31 user 43 critic

Captive Wild Woman (1943)

Passed | | Horror, Sci-Fi | 4 June 1943 (USA)
An insane scientist doing experimentation in glandular research becomes obsessed with transforming a female gorilla into a human...even though it costs human life.


Edward Dmytryk


Ted Fithian (original story), Neil P. Varnick (original story) | 2 more credits »




Cast overview:
John Carradine ... Dr. Sigmund Walters
Evelyn Ankers ... Beth Colman
Milburn Stone ... Fred Mason
Lloyd Corrigan ... John Whipple
Fay Helm ... Nurse Strand
Martha Vickers ... Dorothy Colman (as Martha MacVicar)
Vince Barnett ... Curley
Paul Fix ... Gruen
Acquanetta ... Paula Dupree -


Dr. Sigmund Walters, an expert in glandular research, becomes convinced that his experiments involving lower animal species cannot succeed, so he arranges to have a very intelligent female gorilla kidnapped from the circus and brought to his lab. Using the glands of a patient and the brain of his faithful nurse, he performs transplant surgery on the intelligent simian. When the ape morphs into exotic and sexy Paula Dupree, the experiment seems to be s success. She even finds a place for herself at her old circus assisting lion tamer Fred Mason. Unfortunately when aroused by desire and jealousy over the affections of Mason, her delicate metabolism breaks down, and she regresses to her ape form. Written by Gabe Taverney (duke1029@aol.com)

Plot Summary | Add Synopsis


STRANGEST OF SIGHTS... The brain of an animal... the form of a woman! See more »


Horror | Sci-Fi


Passed | See all certifications »

Did You Know?


Acquanetta never speaks during her time on screen. See more »


When Beth first greets Fred on the dock at the very start of the film, her lips don't move. See more »


[first lines]
Dockworker: Clear the dock! Clear the dock!
See more »


Followed by The Jungle Captive (1945) See more »

User Reviews

So good they created a sequel...well, perhaps not...but at least they did a sequel!
1 April 2018 | by MartinHaferSee all my reviews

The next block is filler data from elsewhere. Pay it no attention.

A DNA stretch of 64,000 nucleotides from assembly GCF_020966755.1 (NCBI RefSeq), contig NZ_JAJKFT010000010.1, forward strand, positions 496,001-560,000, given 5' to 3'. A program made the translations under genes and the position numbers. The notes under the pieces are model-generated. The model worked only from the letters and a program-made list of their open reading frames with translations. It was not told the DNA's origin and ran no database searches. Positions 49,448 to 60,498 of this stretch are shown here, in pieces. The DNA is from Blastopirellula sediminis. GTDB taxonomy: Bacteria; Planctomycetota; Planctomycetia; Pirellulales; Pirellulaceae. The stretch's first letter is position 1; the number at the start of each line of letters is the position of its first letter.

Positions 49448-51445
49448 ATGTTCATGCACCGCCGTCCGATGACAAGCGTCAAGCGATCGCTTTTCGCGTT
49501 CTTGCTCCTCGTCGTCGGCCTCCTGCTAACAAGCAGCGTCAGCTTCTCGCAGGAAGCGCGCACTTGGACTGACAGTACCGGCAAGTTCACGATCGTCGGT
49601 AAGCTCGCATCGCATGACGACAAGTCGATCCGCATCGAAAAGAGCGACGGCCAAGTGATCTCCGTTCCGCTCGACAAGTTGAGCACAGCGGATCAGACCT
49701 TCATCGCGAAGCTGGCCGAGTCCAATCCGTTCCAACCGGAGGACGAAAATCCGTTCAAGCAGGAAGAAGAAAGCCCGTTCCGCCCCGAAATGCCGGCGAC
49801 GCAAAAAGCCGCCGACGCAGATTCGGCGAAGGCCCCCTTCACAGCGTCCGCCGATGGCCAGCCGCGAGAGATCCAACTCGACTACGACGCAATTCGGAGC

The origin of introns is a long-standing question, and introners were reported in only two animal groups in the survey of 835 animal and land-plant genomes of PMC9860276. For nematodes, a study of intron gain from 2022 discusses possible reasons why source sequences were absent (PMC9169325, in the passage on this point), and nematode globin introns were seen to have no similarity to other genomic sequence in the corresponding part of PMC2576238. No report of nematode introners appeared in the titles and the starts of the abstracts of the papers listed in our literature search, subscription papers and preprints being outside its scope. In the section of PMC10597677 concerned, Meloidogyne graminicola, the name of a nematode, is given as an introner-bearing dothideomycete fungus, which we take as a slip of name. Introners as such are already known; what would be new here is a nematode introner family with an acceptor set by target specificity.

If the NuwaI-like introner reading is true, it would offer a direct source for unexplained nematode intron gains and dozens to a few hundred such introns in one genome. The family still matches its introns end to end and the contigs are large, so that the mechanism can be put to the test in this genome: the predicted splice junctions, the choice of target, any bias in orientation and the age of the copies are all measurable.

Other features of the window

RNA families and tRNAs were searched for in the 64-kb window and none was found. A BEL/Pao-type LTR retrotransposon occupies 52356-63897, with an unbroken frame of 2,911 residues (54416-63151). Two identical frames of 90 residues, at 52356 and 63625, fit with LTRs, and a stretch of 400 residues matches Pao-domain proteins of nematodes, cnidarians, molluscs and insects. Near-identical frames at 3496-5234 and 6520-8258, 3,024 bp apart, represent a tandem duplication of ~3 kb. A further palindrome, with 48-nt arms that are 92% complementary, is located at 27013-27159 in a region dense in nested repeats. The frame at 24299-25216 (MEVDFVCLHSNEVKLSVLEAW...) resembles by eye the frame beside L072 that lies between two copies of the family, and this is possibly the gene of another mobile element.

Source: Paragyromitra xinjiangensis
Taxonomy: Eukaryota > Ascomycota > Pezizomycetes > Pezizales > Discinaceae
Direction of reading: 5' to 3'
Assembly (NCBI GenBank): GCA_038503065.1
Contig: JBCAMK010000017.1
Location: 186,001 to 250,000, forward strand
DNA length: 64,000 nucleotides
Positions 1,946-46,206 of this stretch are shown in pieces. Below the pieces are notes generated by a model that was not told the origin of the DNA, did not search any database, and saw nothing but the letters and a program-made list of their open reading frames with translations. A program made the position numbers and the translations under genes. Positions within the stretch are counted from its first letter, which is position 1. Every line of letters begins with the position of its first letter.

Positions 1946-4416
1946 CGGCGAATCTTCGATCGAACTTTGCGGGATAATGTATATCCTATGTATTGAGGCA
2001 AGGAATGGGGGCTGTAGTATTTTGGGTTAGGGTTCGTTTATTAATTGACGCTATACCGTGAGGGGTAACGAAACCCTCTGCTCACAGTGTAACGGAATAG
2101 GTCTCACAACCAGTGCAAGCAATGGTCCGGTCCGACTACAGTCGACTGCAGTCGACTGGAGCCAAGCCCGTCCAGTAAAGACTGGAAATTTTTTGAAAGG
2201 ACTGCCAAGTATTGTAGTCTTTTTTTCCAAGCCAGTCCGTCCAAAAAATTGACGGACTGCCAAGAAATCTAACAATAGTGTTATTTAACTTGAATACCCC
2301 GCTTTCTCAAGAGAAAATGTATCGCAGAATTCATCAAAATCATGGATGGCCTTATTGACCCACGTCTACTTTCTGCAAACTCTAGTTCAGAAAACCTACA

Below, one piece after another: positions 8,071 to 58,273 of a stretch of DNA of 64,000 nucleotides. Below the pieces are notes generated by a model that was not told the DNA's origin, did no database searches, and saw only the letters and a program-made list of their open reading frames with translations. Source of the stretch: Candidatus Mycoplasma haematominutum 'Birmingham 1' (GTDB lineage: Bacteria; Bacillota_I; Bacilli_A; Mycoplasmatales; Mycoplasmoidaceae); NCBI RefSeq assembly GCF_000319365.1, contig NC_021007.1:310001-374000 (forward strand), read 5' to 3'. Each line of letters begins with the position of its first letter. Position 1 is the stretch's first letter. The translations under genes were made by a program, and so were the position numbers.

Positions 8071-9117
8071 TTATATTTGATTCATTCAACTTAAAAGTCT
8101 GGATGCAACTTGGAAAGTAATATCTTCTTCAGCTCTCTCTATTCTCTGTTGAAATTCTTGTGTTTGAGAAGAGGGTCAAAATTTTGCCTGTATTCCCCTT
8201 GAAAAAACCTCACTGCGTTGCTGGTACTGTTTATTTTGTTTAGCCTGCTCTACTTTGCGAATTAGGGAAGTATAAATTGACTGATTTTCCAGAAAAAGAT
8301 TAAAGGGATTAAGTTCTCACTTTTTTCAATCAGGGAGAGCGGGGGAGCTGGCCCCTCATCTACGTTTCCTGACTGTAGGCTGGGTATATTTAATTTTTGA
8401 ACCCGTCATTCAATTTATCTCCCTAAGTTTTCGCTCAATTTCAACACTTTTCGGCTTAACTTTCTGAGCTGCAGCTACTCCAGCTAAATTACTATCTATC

I watched the films in the wrong order, though it hardly seemed to matter as the second film, "Jungle Woman" isn't exactly a sequel as so much of the story has been changed. Instead of being the product of a truly evil scientist (John Carradine), the ape is transformed into a hot woman by a nice scientist and there's also no mention of the story in "Captive Wild Woman". Odd...but this sort of thing was not unusual in Universal's horror films of the 1940s...they often contradicted each other.

A lady has a sister with some odd glandular disorder...so she takes him to Dr. Walters (Carradine). Little do they know that the nice scientist is actually completely evil and plans on experimenting on the sick sister. He plans on using her body to help turn an ape he stole become human-looking...all thanks to the miracle of glands. Along the way, his stupid assistant* gets in the way, so he sacrifices her...all in the name of scientist.

The new creation Walter dubs 'Paula Dupree' and she soon becomes the assistant to Fred the lion and tiger tamer. This is because Paula can hypnotize animals to do her bidding just by staring at them...and staring is what Acquanetta was REALLY good at doing throughout this film. Apart from a little tantrum and sequence where she looks a bit like a cheap wolfman, she really isn't given much to do other than stare. And, this staring she-freak is in love with Fred...but without a conscience, there's no telling WHAT she'll do!

This is not a terrible film but is about what you'd expect from a second-tier Universal horror movie. It entertains (particularly because of Carradine's cool performance as the goofy doc!) and is pretty much what fans of the genre will enjoy. It's also just a bit better than its sequel.

By the way, the exotic looking Acquanetta was actually originally Mildred Davenport...from Wyoming! So, despite the press releases from Universal, she was NOT the Venezuelan Volcano!

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Release Date:

4 June 1943 (USA) See more »

Also Known As:

Captive Wild Woman See more »

Company Credits

Production Co:

Universal Pictures See more »
Show more on IMDbPro »

Technical Specs


Sound Mix:

Mono (Western Electric Recording)

Aspect Ratio:

1.37 : 1
See full technical specs »

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